Marcy, a first-time homebuyer, was over-the-moon excited about finally moving into her new home.
The day arrived, the movers were actually on time and, for the first time since the final walk-through, she opened the door to her home.
Since she had a case of water bottles with her, she headed
straight for the refrigerator to ensure they were kept cool for her
But there was no refrigerator – just an empty space where it stood just weeks earlier during the walk-through. Marcy panicked. The stove was there and the built-in microwave above
it. The dishwasher was there.
She then ran to the laundry room, only to find empty spaces
where that gorgeous washer and dryer once stood. Marcy grabbed her phone to call her real estate agent who told her that those appliances weren’t included in the sale.
“If you wanted them, you should have said something and we could’ve negotiated with the seller.”
Marcy was, again, a first-time homebuyer. She had no idea that appliances were something that needed to be “negotiated.” When her parents sold their home in the UK, they were included in the home they sold. She hadn’t realized they were included during the negotiation phase.
The tragic fact is that Marcy, like many new homeowners, spent most of her savings on the deposit and settlement costs with little left to pay for appliances.
It’s the agent’s job to educate his or her clients about a process they may find completely foreign. To have neglected to do so, and then blame Marcy for her shortcomings, is more than unfair.
Why aren’t appliances included in the
Seldom they are. Most times, they are not, and here’s why: if they aren’t built-in, they are considered “personal property.”
When you buy a home, you are buying “real property,” which is the land, the home and anything else permanently affixed to both.
A rose bush planted in the backyard is considered a “fixture,” because it is affixed to the land.
A rose bush planted in a pot on the patio, on the other hand, isn’t a fixture, it is personal property and may or may not be included in the sale of the home.
Other examples of fixtures include:
- Chandeliers that are attached to the ceiling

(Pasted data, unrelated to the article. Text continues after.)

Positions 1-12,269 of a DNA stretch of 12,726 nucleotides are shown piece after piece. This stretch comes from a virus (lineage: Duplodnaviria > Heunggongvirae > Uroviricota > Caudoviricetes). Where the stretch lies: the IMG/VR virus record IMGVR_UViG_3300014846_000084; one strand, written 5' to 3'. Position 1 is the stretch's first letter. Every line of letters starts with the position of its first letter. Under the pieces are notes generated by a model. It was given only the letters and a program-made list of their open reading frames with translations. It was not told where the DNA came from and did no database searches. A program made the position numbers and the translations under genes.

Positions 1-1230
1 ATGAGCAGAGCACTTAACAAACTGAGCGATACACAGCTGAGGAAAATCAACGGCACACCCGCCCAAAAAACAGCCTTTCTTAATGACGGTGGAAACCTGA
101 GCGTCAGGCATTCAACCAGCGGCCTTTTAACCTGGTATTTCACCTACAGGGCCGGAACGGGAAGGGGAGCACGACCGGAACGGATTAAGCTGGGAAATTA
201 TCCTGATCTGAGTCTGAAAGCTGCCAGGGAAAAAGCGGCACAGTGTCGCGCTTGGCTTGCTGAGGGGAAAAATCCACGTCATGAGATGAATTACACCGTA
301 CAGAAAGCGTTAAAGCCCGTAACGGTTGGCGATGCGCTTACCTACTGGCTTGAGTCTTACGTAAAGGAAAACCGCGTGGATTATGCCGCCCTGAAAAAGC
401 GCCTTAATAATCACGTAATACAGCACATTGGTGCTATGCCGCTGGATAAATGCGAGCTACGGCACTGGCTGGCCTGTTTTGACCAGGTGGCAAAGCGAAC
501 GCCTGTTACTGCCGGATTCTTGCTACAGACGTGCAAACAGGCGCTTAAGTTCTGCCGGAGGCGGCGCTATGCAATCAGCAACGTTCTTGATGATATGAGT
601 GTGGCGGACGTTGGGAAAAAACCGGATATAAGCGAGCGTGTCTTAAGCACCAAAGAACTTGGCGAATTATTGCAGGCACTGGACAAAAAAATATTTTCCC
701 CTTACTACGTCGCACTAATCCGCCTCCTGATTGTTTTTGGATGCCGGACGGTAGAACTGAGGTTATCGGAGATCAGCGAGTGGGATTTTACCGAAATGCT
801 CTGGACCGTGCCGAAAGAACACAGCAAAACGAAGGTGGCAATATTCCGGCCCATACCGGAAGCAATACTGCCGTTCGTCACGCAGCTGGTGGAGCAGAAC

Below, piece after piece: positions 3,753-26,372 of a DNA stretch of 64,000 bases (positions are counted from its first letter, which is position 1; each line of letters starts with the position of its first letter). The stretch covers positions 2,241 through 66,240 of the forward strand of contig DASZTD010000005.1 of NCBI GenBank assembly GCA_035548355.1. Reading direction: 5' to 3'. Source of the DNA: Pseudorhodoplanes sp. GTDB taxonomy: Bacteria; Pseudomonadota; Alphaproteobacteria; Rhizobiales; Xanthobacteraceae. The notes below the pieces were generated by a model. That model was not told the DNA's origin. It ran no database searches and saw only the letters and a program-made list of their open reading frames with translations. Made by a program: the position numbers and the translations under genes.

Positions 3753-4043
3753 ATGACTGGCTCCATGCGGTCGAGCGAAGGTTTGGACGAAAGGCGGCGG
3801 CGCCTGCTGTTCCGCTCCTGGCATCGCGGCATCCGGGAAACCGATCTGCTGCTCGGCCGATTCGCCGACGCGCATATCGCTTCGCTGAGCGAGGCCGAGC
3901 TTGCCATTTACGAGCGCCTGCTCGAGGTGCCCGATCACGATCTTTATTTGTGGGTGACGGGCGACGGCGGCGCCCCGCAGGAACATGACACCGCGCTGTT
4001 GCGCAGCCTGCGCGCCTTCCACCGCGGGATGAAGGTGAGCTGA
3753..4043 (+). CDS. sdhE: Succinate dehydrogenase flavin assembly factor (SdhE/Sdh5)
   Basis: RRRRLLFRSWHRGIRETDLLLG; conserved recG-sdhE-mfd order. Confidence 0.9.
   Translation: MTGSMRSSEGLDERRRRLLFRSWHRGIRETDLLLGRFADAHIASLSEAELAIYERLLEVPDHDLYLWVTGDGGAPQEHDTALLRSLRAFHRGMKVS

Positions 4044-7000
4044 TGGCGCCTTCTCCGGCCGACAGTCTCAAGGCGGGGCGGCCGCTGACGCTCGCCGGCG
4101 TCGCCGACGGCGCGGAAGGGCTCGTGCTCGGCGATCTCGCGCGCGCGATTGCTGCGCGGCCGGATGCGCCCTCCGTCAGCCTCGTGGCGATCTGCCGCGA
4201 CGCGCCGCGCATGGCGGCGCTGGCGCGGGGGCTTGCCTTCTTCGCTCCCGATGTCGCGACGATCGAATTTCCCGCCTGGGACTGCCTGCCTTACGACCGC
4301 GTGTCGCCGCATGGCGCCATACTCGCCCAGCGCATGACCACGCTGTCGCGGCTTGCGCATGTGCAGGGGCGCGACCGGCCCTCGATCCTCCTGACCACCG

- An outbuilding, such as a shed
- Wall-to-wall carpeting (but not the Persian throw
rug that isn’t affixed to the floor)
- Garage door opener
If the item is glued, nailed, bolted or otherwise attached to the home, it is typically considered a fixture and must be included in the sale of the home. But, there’s a “but.”
The seller can exclude items from the sale by mentioning it in the listing agreement or the purchase agreement. It turns out that the washer, dryer and refrigerator in Marcy’s new home, were excluded as a standard clause in the purchase agreement.
Marcy isn’t a lawyer and was depending on her real estate agent to decipher what she was reading before she signed it.
Yes, you can ask that personal
property be included in the sale
Many a real estate agent get-together includes conversations about the crazy things some homebuyers have asked sellers to leave behind.
From wanting the seller’s family dog to requesting that the entire contents of a home (even soap and toilet paper) be included in the sale, everything is negotiable.
The sellers are under no obligation to include any personal property and, depending on the type of market and how motivated they are, they may hold firm during negotiations. But, there’s no harm in asking, right?
Keep this in mind if you’re thinking of selling your home. If you want to hang on to your great-grandmother’s chandelier (or anything affixed to the home), remove it and replace it with something else before the home goes on the market, you do not want any difficulty to arise for no reason.
Here’s what they mean
CHATTELS – Moveable personal property or furniture. Items such as machinery, implements, tools, furnishings, fittings, which may be associated with land use, but which are not fixed to the land or premises or, if fixed, may be removed without causing structural damage to a building.
EXCLUSIONS – Any item that is specifically not included in the sale. e.g. An above ground pool, garden shed, etc.
INCLUSIONS – Usually fixtures such as lights, curtains, blinds, ceiling fans, air-conditioning units, flyscreens, TV antenna, dishwasher, range hood, stove, fixed cupboards, clothes hoist or any other removable item that the vendor has agreed will be included in the sale.
Other Meanings can be found here.
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